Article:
“Vehicle-to-Grid: A New Spin on Car Payments”
by Dan Ferber
Miller Mc-Cune [now Pacific Standard], November, 2011
[Ferber notes: I’d pitched the editor cold a few months earlier, never heard back, gotten busy, and dropped the ball temporarily. I approached him at the NASW meeting in New Haven, followed up with a (slightly) updated pitch, and got the assignment. I then pitched the travel after I got the assignment, arguing that the story would be better if they’d pay for a trip to Delaware and Pennsylvania so I could do some on-the-scene reporting. He agreed on this approach and then agreed to a modest budget for the trip.]
I’m writing to follow up on our brief conversation last weekend at the National Association of Science Writers meeting in New Haven, just after your panel on new funding models for journalism. I’m re-sending the pitch I mentioned for a feature article on the vehicle-to-grid model:
In November 2009, Willett Kempton parked his electric car, plugged it in, and began earning
$300 a month. The payments came from a regional organization that operates the electrical grid in Delaware, where Kempton works and lives. In the process, Kempton’s electric car became the first car on the planet to help stabilize the electrical grid and make good money as it sat parked.
If Kempton realizes his ambitions, tens of millions of the nation’s electric vehicles will follow. He’s the nation’s leading proponent of the vehicle-to-grid model, a grand plan to connect the nation’s growing fleet of electric vehicles with a smarter electric grid. Kempton, who directs the University of Delaware’s Center for Carbon-Free Power Integration, and other vehicle-to-grid proponents say the plan will help stabilize the climate because electric cars emit significantly less carbon dioxide per mile than gasoline-powered cars, and because emissions will fall further as the nation shifts to renewable electricity sources.
The vehicle-to-grid model would solve other problems for both car owners and grid operators, proponents say. Plug-in electric cars like the Nissan Leaf need powerful batteries to accelerate to highway speeds and travel far enough on a charge to satisfy their owners. But these batteries cost so much that plug-in electric cars could remain too expensive for many consumers. If grid
operators paid electric-car owners significant sums to tap that capacity when cars sat parked, owners would be better able to afford them, speeding their adoption.
Grid operators would benefit from this new and economical way to store electricity. The nation’s dozen grid-operating organizations need stored electricity to draw on at any moment. They use it to compensate for occasional brief outages and to maintain the steady 60-hertz current that our devices and appliances rely on. Today they buy that electricity from outside companies, who maintain reserve power in flywheels and heavy-duty batteries. But they worry that as renewable but intermittent energy sources like wind and solar are phased in, they’ll need significantly more storage capacity, says Ken Huber, director of smart grid development for PJM Interconnection, the grid operator for the mid-Atlantic region, which is paying for Kempton’s car. Electric-cars could provide that capacity. They’re built to power cars for up to 200 miles, but most people drive much less in a day, leaving untapped electricity in each battery. That’s why PJM Interconnection collaborates on vehicle-to-grid development with Kempton’s center at the University of Delaware, Huber says.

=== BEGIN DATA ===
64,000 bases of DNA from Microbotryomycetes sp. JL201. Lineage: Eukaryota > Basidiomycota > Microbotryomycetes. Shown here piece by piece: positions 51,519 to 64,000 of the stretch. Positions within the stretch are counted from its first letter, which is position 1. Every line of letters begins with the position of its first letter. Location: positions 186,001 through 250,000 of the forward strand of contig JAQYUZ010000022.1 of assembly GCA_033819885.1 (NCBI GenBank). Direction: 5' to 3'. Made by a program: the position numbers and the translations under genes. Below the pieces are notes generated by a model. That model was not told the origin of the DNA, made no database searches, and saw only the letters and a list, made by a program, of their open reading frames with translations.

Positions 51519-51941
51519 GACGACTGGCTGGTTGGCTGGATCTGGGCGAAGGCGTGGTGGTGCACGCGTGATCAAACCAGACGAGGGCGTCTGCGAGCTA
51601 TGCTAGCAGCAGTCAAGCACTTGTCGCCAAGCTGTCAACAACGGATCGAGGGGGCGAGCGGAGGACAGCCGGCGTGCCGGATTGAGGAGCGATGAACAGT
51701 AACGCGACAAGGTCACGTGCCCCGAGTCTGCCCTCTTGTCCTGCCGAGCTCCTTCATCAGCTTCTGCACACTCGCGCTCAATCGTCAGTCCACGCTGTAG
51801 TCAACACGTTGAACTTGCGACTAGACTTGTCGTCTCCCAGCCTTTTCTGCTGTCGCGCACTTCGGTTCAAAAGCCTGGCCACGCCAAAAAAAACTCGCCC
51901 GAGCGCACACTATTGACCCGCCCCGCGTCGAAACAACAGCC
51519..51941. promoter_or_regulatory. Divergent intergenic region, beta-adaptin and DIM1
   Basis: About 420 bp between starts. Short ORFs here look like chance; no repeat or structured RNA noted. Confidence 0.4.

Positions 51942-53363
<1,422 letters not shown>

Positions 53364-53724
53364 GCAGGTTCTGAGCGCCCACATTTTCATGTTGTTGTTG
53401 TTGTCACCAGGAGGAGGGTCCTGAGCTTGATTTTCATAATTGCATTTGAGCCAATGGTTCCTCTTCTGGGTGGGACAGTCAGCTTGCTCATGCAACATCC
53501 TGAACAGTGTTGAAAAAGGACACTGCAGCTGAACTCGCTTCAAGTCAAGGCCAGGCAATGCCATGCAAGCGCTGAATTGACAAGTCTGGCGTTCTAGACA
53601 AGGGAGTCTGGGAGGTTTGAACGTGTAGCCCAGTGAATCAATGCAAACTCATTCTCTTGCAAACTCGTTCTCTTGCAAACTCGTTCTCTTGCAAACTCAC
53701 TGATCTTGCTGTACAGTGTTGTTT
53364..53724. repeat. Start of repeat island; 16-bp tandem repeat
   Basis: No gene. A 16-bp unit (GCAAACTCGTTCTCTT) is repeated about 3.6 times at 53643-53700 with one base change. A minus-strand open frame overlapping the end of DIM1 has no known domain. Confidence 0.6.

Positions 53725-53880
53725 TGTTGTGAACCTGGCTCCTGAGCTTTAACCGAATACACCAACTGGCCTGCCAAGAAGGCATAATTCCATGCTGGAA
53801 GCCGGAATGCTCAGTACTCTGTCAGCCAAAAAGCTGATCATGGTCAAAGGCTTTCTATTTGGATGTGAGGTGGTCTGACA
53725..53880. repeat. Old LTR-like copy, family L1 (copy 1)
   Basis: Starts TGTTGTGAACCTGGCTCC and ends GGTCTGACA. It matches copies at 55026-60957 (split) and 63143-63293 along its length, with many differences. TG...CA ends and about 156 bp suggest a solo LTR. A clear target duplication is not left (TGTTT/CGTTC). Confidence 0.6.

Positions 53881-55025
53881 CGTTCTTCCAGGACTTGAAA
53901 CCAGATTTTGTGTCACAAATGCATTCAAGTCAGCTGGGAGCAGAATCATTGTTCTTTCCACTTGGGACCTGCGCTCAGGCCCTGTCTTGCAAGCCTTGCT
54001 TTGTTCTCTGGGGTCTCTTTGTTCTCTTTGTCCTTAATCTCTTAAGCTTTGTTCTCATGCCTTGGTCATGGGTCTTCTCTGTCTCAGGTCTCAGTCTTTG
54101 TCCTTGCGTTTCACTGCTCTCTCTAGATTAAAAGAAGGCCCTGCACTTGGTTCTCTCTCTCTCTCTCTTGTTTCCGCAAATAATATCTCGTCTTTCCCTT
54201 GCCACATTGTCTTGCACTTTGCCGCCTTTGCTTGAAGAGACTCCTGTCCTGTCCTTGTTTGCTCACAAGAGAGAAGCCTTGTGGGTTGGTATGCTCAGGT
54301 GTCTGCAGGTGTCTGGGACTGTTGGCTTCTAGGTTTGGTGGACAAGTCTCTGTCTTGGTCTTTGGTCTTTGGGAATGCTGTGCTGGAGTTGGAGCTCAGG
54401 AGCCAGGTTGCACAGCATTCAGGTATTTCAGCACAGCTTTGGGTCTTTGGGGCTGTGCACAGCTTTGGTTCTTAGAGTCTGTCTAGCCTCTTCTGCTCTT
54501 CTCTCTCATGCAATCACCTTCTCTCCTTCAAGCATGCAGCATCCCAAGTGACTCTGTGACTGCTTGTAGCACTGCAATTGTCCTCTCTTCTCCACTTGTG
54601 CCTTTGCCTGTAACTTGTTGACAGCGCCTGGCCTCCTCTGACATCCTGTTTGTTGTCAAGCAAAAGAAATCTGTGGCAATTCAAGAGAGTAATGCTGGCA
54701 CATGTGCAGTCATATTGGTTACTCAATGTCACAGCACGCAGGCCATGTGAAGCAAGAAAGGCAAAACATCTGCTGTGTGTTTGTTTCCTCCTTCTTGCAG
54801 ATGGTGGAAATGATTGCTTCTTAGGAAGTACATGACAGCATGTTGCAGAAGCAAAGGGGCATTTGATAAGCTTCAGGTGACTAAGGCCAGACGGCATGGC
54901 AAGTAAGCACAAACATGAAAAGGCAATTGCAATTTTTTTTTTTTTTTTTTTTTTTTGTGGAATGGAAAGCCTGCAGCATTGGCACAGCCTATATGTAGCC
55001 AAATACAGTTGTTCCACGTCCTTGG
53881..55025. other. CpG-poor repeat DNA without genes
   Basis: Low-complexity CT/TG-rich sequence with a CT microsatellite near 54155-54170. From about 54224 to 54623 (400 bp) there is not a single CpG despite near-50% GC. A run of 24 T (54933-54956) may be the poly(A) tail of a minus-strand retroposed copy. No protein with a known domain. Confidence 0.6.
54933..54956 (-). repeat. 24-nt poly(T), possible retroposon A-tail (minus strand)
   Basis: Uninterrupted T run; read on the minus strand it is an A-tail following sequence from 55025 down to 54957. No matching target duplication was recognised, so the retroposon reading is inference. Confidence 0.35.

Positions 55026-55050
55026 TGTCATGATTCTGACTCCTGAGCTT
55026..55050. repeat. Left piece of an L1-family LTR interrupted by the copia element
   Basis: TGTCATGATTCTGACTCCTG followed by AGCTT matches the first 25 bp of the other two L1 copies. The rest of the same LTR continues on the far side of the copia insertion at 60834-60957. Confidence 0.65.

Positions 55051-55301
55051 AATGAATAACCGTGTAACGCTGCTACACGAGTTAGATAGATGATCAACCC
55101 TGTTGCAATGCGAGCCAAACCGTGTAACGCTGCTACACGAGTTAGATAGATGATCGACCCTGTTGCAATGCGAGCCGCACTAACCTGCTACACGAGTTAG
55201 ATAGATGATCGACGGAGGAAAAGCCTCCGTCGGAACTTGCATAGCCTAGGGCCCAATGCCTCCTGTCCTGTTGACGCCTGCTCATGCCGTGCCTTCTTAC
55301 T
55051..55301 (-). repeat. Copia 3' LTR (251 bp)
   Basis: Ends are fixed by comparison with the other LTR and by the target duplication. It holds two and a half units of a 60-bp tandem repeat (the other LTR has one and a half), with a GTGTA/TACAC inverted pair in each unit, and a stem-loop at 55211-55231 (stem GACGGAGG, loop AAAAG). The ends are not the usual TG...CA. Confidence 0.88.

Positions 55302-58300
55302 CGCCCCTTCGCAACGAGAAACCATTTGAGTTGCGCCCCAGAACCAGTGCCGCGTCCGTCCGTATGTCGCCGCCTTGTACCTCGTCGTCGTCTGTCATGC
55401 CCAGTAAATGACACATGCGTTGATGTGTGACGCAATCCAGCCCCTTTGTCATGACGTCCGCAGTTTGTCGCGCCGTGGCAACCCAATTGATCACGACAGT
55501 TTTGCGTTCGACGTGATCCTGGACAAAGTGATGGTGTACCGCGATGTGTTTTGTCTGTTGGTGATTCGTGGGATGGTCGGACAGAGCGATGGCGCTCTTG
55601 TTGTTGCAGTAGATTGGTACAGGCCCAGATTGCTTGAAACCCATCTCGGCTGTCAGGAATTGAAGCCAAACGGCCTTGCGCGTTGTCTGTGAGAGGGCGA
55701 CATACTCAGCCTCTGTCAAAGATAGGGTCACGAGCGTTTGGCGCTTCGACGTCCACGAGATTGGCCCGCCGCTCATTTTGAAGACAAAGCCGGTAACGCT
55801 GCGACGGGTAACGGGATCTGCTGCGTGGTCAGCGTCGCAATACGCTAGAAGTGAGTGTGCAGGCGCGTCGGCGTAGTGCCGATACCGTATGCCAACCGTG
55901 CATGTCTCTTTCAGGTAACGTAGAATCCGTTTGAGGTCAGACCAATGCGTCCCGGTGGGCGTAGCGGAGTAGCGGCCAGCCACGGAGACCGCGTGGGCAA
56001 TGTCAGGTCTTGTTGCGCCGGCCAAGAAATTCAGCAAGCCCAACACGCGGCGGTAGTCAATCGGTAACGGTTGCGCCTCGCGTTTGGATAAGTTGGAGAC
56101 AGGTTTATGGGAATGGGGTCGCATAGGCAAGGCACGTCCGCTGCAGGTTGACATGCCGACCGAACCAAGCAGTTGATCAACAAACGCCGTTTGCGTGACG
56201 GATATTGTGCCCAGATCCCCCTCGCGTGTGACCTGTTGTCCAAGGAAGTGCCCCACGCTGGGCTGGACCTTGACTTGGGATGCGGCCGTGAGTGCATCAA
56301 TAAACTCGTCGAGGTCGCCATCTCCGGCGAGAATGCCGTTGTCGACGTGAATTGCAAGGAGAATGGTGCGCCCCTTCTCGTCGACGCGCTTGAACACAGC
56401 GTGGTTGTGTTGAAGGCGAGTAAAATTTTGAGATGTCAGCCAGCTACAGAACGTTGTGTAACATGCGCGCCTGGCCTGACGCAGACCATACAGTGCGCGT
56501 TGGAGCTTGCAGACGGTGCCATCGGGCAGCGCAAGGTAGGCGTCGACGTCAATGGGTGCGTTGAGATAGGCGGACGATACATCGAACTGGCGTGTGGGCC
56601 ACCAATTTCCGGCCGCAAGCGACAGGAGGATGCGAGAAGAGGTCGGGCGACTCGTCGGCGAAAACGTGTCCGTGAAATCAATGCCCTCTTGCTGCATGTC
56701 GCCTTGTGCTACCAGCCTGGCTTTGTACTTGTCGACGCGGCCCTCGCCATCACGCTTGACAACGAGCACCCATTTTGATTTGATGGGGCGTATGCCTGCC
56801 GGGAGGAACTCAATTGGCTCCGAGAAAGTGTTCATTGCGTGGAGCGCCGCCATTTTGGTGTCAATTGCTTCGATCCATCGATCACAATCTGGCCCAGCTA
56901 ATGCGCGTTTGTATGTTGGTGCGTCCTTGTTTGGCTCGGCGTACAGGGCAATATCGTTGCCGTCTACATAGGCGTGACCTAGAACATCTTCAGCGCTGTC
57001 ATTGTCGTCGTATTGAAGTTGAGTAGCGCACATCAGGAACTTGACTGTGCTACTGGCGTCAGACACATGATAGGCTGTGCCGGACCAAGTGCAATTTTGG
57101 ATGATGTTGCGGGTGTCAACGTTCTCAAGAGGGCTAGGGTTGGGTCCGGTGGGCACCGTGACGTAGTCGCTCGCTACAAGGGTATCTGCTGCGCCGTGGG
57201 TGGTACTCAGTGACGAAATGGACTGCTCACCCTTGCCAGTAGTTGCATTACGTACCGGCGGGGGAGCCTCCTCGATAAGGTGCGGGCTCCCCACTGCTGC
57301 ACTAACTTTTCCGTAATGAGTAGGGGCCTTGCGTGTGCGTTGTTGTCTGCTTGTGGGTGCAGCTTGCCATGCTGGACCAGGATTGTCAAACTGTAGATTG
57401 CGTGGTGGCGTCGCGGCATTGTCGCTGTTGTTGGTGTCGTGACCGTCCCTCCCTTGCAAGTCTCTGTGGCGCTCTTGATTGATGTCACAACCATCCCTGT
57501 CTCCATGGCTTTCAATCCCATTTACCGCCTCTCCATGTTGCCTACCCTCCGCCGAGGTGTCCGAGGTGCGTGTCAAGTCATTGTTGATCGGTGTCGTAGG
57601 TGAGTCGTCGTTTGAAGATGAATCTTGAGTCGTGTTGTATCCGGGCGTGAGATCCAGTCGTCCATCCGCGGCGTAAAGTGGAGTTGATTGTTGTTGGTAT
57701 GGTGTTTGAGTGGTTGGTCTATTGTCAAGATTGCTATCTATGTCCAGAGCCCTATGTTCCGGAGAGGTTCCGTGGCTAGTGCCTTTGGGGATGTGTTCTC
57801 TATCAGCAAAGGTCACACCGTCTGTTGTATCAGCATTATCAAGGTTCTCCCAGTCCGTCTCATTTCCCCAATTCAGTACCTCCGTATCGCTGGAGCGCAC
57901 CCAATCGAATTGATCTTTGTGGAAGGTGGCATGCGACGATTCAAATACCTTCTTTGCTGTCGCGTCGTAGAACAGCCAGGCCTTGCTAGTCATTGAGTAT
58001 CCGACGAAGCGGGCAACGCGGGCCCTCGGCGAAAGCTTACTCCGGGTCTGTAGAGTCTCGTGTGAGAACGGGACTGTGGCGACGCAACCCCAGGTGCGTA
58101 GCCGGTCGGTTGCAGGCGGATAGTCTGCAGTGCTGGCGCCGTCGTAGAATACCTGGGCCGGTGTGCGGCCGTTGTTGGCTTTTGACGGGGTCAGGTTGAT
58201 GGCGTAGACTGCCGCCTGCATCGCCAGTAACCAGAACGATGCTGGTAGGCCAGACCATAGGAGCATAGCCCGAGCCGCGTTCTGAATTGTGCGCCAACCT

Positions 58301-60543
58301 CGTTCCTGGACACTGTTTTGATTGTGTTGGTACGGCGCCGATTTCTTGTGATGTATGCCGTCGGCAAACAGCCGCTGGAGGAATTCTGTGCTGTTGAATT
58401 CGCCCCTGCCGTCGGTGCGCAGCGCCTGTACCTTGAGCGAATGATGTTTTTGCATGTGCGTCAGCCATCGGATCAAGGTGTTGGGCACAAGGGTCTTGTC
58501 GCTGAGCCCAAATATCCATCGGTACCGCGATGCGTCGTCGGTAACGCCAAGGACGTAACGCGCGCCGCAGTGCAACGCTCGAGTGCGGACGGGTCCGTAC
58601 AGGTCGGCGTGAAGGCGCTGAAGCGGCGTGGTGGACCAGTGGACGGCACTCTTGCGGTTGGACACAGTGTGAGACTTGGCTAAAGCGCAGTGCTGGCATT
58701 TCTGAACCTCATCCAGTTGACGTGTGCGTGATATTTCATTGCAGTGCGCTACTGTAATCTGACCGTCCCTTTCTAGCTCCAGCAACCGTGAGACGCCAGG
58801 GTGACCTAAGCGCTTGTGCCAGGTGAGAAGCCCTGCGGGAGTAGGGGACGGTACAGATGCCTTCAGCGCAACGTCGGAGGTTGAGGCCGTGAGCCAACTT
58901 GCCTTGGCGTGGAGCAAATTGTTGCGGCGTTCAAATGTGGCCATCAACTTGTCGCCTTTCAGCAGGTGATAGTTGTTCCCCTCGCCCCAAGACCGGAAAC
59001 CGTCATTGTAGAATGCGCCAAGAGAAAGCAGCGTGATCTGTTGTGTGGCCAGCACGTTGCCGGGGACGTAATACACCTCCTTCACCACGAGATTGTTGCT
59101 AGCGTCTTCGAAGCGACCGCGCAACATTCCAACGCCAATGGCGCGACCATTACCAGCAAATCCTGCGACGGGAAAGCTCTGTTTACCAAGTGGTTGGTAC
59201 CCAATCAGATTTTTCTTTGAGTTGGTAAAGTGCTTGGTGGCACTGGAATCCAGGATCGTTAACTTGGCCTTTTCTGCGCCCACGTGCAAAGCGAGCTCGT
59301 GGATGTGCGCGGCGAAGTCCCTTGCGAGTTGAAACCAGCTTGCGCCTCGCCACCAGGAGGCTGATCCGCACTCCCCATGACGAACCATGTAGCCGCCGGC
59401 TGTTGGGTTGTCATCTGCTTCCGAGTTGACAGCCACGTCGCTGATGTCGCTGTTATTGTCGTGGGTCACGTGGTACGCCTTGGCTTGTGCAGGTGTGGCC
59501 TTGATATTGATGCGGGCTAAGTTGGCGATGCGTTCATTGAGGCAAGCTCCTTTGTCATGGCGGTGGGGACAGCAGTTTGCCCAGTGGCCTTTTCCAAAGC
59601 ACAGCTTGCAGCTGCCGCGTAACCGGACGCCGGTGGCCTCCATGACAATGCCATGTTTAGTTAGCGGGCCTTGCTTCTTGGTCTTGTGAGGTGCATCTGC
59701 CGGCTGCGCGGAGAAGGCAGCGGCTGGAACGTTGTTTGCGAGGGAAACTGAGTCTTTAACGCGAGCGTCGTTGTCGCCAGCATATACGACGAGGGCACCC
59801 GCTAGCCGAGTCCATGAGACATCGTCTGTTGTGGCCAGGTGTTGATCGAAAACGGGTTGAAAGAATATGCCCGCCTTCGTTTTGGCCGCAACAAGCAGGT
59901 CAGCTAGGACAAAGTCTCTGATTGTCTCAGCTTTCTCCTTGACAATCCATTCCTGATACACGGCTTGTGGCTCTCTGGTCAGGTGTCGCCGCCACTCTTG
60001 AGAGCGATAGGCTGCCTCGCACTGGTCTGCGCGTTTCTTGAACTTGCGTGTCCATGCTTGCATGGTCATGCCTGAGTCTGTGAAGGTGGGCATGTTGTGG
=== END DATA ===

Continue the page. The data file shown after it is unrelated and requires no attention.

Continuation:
I propose to write a feature article for Miller-McCune exploring the promise of the vehicle-to- grid model. I’ll use Kempton’s 14-year quest to implement the model as a narrative spine, and incorporate scenes from visits to Kempton’s workshops at the University of Delaware. (He has agreed to show me around and let me drive his electric car.) Huber, of PJM Interconnection, has also agreed to help.
For the story I’ll speak with supporters of the vehicle-to-grid plan, and with skeptics who argue that vehicle-to-grid is too expensive and that there are easier ways to store energy. I’ll describe peer-reviewed studies by Kempton and others that show the plan is technically and economically feasible. In one, Kempton’s team found that if the 200 million vehicles Americans now drive were plug-in electric cars that connected to the grid, they could store seven times the nation’s current daily electricity consumption. In another, Kempton and Jasna Tomic of CALSTART, an NGO that promotes clean transportation, found that a corporate fleet of 252 electric vehicles would earn its owner more than $650,000 a year, or more than $2,500 annually per car. Finally, I’ll lay out Kempton’s long-term vision: “to have most of the light vehicles in the industrialized world powered primarily by electricity, to have that electricity integrated with the electrical grid, and to do that with 100 percent renewable power and not have the lights flicker.”
About me: I’m a freelance journalist who has covered science, technology and the environment for many magazines. I’m a contributing correspondent for Science and a contributor to many national magazines, including Popular Science,Audubon and Reader’s Digest. I’m also co-author, with Paul Epstein, M.D., of the upcoming book, Changing Planet, Changing Health: How the Climate Crisis Threatens Public Health and What We Can Do About It (University of California Press, April 2011). Here are links to three clips that I believe showcase my reporting and writing ability, one in Science, one in Popular Science, and one in Audubon. Here’s my resume.
I think this will make a fascinating article for Miller-McCune’s readers. I welcome your comments and suggestions, and I look forward to hearing from you.
All the best, Dan Ferber